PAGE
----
Stem cells hold a considerable potential for managing and treatment of spinal injuries. However, their delivery to injury site is usually quite problematic, as current ways of stem cell delivery may lead to unwanted consequences, including bleeding and inflammation around the area of the injection. Researchers from University of California San Diego may have found a way to remediate that. According to the research they published recently, they’ve found an approach, that not only lets medical professionals avoid unnecessary risks for spinal trauma sufferers but increase the stem cell load to the affected areas.
This research concentrated on use of a very particular type of stem cell, called “neural progenitor cells” which can differentiate into various types of neural cells and have an immense potential for healing spinal trauma. Right now, they’re injected into an area called “spinal parenchyma”. Delivery to this area carries risk of further damage to spine or interparenchymal bleeding, according to Martin Marsala, head of the research and professor of Anesthesiology at the USCD Medical School.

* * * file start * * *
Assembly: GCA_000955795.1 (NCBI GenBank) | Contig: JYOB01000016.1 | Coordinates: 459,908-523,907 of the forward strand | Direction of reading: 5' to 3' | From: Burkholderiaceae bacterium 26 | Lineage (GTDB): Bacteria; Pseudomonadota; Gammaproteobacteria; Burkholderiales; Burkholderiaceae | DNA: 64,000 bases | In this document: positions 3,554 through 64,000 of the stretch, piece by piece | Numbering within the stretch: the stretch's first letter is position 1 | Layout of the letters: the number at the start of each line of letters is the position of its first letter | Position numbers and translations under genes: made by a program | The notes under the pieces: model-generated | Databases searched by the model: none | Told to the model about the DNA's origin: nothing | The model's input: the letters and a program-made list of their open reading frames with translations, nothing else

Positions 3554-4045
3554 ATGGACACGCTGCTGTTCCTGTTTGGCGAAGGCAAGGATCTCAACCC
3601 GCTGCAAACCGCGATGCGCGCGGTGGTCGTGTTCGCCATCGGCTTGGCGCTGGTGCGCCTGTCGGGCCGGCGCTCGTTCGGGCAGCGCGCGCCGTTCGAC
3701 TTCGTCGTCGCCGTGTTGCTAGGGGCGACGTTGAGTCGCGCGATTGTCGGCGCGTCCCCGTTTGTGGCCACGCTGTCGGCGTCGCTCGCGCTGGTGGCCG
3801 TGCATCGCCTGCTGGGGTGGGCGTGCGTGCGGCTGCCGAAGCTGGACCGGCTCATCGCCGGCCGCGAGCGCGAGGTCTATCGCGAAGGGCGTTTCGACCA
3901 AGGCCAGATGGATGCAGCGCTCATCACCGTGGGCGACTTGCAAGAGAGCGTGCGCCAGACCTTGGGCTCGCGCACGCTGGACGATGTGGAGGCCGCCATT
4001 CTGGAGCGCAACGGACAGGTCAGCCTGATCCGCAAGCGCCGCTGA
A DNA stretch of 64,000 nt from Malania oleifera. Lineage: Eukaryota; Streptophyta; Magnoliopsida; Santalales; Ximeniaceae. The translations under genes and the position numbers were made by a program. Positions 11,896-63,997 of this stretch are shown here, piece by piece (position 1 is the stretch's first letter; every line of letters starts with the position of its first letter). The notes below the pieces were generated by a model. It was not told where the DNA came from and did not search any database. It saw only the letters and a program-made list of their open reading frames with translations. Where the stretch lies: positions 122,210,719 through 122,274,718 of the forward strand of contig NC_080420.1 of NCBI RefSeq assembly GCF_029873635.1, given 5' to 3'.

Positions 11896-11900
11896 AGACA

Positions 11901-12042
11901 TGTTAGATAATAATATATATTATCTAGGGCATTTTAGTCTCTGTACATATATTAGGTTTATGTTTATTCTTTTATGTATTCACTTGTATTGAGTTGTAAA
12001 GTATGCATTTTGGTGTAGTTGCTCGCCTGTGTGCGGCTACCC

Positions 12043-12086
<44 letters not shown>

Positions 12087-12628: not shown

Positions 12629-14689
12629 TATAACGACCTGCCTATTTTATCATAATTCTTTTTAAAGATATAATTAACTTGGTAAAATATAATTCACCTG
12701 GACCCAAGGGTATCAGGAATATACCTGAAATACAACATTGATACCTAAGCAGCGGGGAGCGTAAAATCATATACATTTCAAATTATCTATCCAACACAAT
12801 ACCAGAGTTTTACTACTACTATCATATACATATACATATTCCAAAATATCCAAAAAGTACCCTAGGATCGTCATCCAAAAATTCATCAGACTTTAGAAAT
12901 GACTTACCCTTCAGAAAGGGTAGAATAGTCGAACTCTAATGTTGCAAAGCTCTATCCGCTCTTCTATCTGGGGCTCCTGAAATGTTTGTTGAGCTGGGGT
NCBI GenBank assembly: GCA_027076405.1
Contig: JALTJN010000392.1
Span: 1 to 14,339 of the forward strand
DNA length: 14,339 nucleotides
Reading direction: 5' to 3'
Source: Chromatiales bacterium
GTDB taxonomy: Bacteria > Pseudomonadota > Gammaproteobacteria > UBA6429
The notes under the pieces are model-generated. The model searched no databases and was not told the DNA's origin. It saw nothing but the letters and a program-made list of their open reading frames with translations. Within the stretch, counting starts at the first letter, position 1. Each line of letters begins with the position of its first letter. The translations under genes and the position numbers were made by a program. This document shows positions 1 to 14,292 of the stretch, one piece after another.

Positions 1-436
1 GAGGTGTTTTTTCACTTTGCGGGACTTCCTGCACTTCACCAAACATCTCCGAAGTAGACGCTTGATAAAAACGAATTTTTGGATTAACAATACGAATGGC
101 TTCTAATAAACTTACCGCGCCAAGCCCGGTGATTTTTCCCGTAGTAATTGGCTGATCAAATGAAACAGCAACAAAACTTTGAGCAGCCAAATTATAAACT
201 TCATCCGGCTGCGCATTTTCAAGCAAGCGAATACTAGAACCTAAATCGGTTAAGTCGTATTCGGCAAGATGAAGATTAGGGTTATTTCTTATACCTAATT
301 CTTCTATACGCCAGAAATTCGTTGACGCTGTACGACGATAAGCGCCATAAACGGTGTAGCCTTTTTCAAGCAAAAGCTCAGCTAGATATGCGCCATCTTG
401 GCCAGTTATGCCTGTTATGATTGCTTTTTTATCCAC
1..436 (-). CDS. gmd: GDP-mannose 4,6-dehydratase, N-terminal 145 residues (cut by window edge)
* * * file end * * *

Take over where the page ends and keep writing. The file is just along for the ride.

During trials with rodents, they’ve tested a new approach where they’ve injected stem cells in an area between protective layers of the spine, in particular – pial membrane and subpial space.
Marsala and his team managed to reduce the risks associated with the previous approach and deliver more stem cells per injection successfully.
After injection these proliferative cells enter the spinal areas and populate then up to the brain stem area. Injected cells then differentiate themselves into cells with characteristics, similar to cells in the area of injection.
This approach may enhance current cell therapies, with a promise of treatment/management of certain neurodegenerative disorders like multiple sclerosis and amyotrophic lateral sclerosis. However, it is for now some way away, as additional tests and then human trials will have to be done to rule out serious problems and issues